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Canada's Walk of Shame: It's your tax dollars at work

Alex Trebek - who is Canadian, you know - surely belongs in the Game Show Host Fall of Fame. If such a thing exists. Shania Twain definitely belongs in the Bare-Midriff Hall of Fame. Rich Little would go into the Rather Limited and Lame Comedian Hall of Fame.

All three are, in fact, inductees into Canada's Walk of Fame, the outfit that got a $500,000 grant from Heritage Canada the other day. Your tax dollars at work.

On the cusp of Canada Day, I put it to you that our taxes are collected and spent by a government that has contempt for us. They must think we are airheads, as they dole out our money to fund the celebration of the already rich and famous.

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Let's stick with Trebek, since we talk about TV here. The host of Jeopardy has won three Daytime Emmys for Outstanding Game Show Host. He has a star on Hollywood's Walk of Fame. He has been inducted into the California Broadcasting Association Hall of Fame. Right on. One reason for his place on Canada's Walk of Fame (CWOF), we are informed by the outfit's website, is he has "a reputation as a broadcaster who maintained his poise and composure in the most difficult settings." Right on, again. Game-show hosting must get mighty stressful. Like covering a war, or something.

The Daytime Emmys don't require taxpayer money to celebrate the likes of Alex Trebek. But, hereabouts, the government's money - our money - pours forth. We're funny that way.

According to itself, the CWOF "has distinguished itself as one of Canada's premier events; a glamorous and thrilling celebration of excellence in entertainment, sport, culture and innovation."

It is no such thing.

In a lame imitation of the Hollywood Walk of Fame - an invention of the chamber of commerce there in the 1950s when movies were losing out to this new television thing - the CWOF puts some celebrity names on a street in Toronto, has a party for the inductees and that party becomes a TV special. That's it. This year, there's also a Walk of Fame Festival in October that includes concerts by Burton Cummings and Chantal Kreviazuk. They need a boost, don't they?

There are so many things that are unspeakably ludicrous about our tax dollars going to Canada's Walk of Fame that it's hard to know where to begin. For a start, though, note that the grant announcement, made by the Minister of Finance himself, Jim Flaherty, came the day after a grant to the SummerWorks Theatre Festival (a mere $47,000 or so) was cancelled. That would be the festival that featured a play that Our Glorious Leader didn't see but decided he didn't like. The timing of Flaherty's gift was an screw-you to the arts and a thumbs-up, here's-the-money to a celebration of well-off celebrities and, mostly, very rich mediocrities.

How many of the Walk of Fame inductees actually live in Canada and pay taxes here? A few, maybe. Further, how many "fame" thingamajigs do we need? Bobby Orr and Gordie Howe are part of the Walk of Fame. Excuse me, but don't we have the great Hockey Hall of Fame to cater to hockey? We also have the National Hockey League Awards. Singers and songwriters are part of the Walk of Fame too. Excuse me again, but the Canadian Songwriters Hall of Fame exists and the induction of people into it is a significant part of the Juno Awards every year. There are a handful of writers in Canada's Walk of Fame. Whatever. We have the Governor-General's Awards. We have the Order of Canada.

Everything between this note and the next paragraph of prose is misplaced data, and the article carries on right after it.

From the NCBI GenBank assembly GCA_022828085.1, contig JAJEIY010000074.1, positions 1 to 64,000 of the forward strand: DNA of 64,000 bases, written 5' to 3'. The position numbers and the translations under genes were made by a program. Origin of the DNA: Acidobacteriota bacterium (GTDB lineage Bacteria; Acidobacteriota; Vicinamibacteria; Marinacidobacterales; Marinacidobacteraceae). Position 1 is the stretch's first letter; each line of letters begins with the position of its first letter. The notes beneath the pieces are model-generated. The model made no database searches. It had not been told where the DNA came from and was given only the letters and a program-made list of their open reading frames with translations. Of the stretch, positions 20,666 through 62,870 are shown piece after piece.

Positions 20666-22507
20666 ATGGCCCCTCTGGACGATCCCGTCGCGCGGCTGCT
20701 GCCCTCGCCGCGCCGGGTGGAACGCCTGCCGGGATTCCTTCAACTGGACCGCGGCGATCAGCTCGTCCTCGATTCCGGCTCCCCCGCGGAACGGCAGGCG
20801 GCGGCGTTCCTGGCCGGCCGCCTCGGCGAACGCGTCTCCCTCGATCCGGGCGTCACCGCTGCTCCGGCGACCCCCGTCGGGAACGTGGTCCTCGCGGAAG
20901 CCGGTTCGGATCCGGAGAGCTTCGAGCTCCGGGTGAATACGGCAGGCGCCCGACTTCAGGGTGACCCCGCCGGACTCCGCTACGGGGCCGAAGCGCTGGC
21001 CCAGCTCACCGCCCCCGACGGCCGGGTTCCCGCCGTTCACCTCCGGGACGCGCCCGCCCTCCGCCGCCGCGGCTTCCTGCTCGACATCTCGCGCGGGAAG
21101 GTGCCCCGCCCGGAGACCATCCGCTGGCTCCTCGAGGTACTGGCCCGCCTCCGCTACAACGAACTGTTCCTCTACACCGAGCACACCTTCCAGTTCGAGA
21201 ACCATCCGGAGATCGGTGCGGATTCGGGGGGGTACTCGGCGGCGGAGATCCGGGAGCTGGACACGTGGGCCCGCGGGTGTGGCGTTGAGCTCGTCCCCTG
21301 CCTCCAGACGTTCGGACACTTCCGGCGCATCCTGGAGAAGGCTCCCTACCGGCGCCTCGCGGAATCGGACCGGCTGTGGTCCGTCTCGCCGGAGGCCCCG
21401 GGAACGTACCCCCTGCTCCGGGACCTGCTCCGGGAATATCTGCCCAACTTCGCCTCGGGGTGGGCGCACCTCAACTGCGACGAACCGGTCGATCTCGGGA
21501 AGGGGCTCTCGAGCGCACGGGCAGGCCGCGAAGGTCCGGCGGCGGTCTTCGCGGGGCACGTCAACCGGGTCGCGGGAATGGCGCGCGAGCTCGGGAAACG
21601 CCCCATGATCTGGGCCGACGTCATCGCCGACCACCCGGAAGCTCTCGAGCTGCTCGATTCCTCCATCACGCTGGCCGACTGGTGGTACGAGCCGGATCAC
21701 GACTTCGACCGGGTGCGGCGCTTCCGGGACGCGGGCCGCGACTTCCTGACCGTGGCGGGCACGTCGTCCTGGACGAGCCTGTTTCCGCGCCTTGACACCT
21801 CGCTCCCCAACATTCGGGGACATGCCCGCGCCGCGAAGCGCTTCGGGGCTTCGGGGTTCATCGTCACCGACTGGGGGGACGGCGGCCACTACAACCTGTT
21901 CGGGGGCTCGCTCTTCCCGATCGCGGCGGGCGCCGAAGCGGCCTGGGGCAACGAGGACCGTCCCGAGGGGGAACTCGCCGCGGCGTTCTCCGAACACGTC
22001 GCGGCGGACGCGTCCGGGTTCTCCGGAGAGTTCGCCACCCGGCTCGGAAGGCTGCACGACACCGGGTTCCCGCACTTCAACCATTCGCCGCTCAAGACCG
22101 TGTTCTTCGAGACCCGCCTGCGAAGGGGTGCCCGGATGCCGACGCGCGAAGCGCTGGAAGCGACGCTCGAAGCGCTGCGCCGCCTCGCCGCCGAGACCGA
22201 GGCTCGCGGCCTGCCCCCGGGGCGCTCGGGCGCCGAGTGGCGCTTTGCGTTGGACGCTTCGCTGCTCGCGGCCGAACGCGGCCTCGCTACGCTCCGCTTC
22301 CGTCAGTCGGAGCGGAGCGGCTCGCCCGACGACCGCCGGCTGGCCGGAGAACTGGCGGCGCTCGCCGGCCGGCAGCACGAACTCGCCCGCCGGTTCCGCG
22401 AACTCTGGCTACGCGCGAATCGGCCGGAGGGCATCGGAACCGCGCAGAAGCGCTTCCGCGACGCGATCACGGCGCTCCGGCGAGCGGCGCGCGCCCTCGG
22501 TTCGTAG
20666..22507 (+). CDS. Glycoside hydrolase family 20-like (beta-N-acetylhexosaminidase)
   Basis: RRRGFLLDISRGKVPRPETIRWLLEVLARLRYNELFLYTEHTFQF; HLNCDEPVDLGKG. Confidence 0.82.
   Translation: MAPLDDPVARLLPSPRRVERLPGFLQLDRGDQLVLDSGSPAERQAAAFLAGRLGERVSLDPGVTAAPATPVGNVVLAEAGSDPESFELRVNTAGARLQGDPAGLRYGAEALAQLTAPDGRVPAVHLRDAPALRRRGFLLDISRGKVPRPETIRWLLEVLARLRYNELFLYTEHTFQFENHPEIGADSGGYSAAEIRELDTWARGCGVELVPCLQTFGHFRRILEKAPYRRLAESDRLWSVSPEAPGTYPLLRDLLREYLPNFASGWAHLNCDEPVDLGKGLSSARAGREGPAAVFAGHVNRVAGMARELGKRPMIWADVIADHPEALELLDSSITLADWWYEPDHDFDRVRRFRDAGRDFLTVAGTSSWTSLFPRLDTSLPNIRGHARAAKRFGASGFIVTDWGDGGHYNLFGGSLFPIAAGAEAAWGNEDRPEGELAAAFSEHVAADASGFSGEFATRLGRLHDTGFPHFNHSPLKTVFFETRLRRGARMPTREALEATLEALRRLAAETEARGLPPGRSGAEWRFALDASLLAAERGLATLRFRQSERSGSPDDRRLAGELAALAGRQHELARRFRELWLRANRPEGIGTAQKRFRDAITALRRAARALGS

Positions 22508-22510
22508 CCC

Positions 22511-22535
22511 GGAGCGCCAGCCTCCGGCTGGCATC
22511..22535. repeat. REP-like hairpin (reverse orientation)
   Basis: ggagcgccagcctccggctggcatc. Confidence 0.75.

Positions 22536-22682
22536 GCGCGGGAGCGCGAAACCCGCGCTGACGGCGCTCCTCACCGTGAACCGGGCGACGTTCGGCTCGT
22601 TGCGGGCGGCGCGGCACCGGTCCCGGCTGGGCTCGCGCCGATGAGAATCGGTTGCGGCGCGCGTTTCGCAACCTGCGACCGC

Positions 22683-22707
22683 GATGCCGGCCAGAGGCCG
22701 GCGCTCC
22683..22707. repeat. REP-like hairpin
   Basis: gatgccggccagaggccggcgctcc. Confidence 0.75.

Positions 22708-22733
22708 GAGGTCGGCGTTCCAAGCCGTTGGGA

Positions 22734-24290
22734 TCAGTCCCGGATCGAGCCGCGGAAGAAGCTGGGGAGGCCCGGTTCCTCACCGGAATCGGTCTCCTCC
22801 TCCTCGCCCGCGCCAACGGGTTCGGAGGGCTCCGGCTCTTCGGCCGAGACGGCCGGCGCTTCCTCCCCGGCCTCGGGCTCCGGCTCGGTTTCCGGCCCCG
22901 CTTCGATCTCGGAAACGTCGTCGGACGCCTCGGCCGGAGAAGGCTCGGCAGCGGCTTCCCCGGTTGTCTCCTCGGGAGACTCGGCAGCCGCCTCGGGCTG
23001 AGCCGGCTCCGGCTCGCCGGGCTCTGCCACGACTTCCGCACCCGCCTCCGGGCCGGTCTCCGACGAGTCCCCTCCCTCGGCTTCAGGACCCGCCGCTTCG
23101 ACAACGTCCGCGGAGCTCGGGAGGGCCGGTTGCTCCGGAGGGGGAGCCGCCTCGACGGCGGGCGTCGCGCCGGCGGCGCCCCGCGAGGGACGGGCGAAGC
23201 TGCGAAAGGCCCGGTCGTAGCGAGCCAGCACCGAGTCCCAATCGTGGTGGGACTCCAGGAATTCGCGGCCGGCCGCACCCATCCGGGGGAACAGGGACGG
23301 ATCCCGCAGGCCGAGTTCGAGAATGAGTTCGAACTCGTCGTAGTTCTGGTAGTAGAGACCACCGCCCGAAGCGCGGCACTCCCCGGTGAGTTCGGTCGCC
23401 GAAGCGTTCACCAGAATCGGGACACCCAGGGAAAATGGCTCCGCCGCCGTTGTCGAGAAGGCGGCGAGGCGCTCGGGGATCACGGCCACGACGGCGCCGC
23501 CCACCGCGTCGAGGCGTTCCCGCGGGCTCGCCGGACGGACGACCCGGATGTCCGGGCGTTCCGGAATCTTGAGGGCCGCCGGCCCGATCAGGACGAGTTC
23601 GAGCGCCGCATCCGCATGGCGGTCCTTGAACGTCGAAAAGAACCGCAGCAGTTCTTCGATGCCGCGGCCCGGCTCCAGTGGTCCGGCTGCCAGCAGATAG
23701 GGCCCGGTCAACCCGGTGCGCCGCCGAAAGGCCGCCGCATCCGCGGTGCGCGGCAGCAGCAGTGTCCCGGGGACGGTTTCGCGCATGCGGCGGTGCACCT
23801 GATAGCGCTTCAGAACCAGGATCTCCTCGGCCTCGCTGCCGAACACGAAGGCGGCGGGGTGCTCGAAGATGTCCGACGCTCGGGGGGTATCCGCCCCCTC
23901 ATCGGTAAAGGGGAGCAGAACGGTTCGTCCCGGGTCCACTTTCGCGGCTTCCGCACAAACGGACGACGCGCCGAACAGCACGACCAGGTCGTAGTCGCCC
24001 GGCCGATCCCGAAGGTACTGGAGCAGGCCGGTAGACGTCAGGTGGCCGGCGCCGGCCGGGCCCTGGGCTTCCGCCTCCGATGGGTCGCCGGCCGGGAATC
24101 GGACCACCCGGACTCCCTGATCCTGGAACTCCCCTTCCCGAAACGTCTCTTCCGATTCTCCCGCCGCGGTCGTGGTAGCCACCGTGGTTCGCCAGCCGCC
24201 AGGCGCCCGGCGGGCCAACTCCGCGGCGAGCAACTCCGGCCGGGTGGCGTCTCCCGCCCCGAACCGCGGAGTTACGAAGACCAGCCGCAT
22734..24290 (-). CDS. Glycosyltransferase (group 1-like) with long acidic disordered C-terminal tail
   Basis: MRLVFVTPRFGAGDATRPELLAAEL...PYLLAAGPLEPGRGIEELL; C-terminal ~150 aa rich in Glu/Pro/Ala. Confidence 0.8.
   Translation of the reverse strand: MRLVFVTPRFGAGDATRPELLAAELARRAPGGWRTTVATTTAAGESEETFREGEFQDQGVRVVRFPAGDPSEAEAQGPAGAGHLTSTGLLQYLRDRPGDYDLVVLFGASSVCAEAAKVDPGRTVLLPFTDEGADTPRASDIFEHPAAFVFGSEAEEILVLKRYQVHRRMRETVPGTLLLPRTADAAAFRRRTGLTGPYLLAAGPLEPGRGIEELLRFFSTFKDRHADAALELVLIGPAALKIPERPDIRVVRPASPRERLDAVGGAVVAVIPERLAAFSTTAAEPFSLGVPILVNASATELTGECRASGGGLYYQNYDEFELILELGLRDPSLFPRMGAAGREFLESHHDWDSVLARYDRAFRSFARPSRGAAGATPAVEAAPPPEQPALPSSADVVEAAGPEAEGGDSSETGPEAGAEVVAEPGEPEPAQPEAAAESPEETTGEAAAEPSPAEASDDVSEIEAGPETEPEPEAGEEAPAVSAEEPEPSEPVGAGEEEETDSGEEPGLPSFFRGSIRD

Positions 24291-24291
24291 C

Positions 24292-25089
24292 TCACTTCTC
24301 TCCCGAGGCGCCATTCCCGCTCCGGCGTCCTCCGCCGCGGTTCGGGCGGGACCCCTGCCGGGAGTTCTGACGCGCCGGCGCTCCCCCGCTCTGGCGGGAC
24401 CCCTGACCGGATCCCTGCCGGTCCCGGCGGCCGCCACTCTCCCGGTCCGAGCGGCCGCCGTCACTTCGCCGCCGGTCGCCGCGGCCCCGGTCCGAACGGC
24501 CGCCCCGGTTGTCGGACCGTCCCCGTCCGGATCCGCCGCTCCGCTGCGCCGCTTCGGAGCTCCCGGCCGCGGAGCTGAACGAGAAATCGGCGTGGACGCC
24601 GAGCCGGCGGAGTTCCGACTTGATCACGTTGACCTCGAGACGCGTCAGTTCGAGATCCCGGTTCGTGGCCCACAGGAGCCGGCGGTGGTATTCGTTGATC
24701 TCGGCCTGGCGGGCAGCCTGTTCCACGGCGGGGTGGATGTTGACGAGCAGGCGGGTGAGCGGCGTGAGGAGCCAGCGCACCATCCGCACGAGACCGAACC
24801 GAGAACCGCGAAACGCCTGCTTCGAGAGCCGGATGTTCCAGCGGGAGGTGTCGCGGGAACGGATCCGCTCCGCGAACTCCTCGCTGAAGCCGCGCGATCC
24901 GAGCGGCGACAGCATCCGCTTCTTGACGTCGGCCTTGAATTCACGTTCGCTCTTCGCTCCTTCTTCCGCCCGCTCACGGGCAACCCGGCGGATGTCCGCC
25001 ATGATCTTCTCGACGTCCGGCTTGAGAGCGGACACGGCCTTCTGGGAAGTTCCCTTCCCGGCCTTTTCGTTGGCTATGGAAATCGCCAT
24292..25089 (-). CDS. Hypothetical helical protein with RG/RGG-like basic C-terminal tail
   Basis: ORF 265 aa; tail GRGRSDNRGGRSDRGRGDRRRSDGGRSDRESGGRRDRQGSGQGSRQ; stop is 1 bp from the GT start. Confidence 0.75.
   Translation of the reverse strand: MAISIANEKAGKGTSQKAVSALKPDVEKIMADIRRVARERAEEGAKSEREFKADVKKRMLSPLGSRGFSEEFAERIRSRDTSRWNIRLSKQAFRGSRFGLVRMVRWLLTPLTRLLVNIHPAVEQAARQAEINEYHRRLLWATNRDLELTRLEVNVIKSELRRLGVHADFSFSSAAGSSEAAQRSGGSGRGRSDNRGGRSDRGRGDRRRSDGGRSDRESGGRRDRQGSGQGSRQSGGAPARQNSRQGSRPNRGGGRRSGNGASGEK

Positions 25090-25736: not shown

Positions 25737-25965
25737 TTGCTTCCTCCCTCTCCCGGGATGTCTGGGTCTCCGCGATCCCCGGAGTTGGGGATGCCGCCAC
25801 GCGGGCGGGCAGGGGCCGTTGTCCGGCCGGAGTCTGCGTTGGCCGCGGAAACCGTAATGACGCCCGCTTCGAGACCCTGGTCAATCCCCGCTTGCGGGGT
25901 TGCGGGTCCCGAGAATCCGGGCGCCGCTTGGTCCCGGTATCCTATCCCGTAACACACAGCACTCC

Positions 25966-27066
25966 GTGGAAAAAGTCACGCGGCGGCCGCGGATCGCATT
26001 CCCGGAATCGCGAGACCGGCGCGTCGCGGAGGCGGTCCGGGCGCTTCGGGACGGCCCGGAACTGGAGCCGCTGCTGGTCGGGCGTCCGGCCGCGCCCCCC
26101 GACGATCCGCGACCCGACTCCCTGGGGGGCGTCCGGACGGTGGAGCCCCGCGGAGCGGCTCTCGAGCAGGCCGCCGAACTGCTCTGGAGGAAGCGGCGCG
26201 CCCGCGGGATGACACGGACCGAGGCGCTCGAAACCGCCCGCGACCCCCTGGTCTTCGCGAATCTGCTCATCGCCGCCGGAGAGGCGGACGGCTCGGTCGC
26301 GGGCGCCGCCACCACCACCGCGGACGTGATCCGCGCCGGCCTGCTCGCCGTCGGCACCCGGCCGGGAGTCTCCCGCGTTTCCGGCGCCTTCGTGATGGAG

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And if I've got this straight, a reason for Canada's Walk of Fame getting half a million bucks of taxpayer money is that it promotes tourism. Don't make me laugh. Is there a sane person in Canada who actually believes that masses of tourists will traipse a street in Toronto to gaze at the sidewalk and thrill at the sight of Daria Werbowy's name etched there? Who is Daria Werbowy? You might well ask, as the allegedly soon-to-arrive tourists will. A model, the face of Lancôme a few years ago. Yes, Daria Werbowy is an inductee. Your tax dollars at work.

To add insult to injury, one discovers who is in charge of Canada's Walk of Fame. The board of directors includes the presidents, chief executive officers, chairmen or managing directors of the following companies: RBC Insurance, ScotiaMcLeod, Barclay's Capital Canada, Cineplex Entertainment, Universal Studios Canada, Universal Music Canada and Shaw Media. Plus some law firms and securities companies. Excuse me, for the umpteenth time, but these people could rustle up a half million bucks in corporate sponsorship in about five minutes flat.

Instead, it's half a million bucks of taxpayer money that is not going to nourish the true artists of the future. It goes to this shindig, this consecration of a worse-than-motley crew of flibbertigibbets, the already famous and long since left for Hollywood. Canada's Walk of Shame. Your tax dollars at work. Bring on the TV special. We can watch our tax dollars at work in that.

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After the Weekend Viewing piece on Saturday, I leave you for a wee bit. Rest and recreation. The Copa America. The FIFA Women's World Cup. Say no more. Happy Canada Day.

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About the Author
Television critic

John Doyle is The Globe and Mail's television critic. His column appears in the Review section Monday to Thursday and on Saturday. He has been the paper's critic since 2000. More

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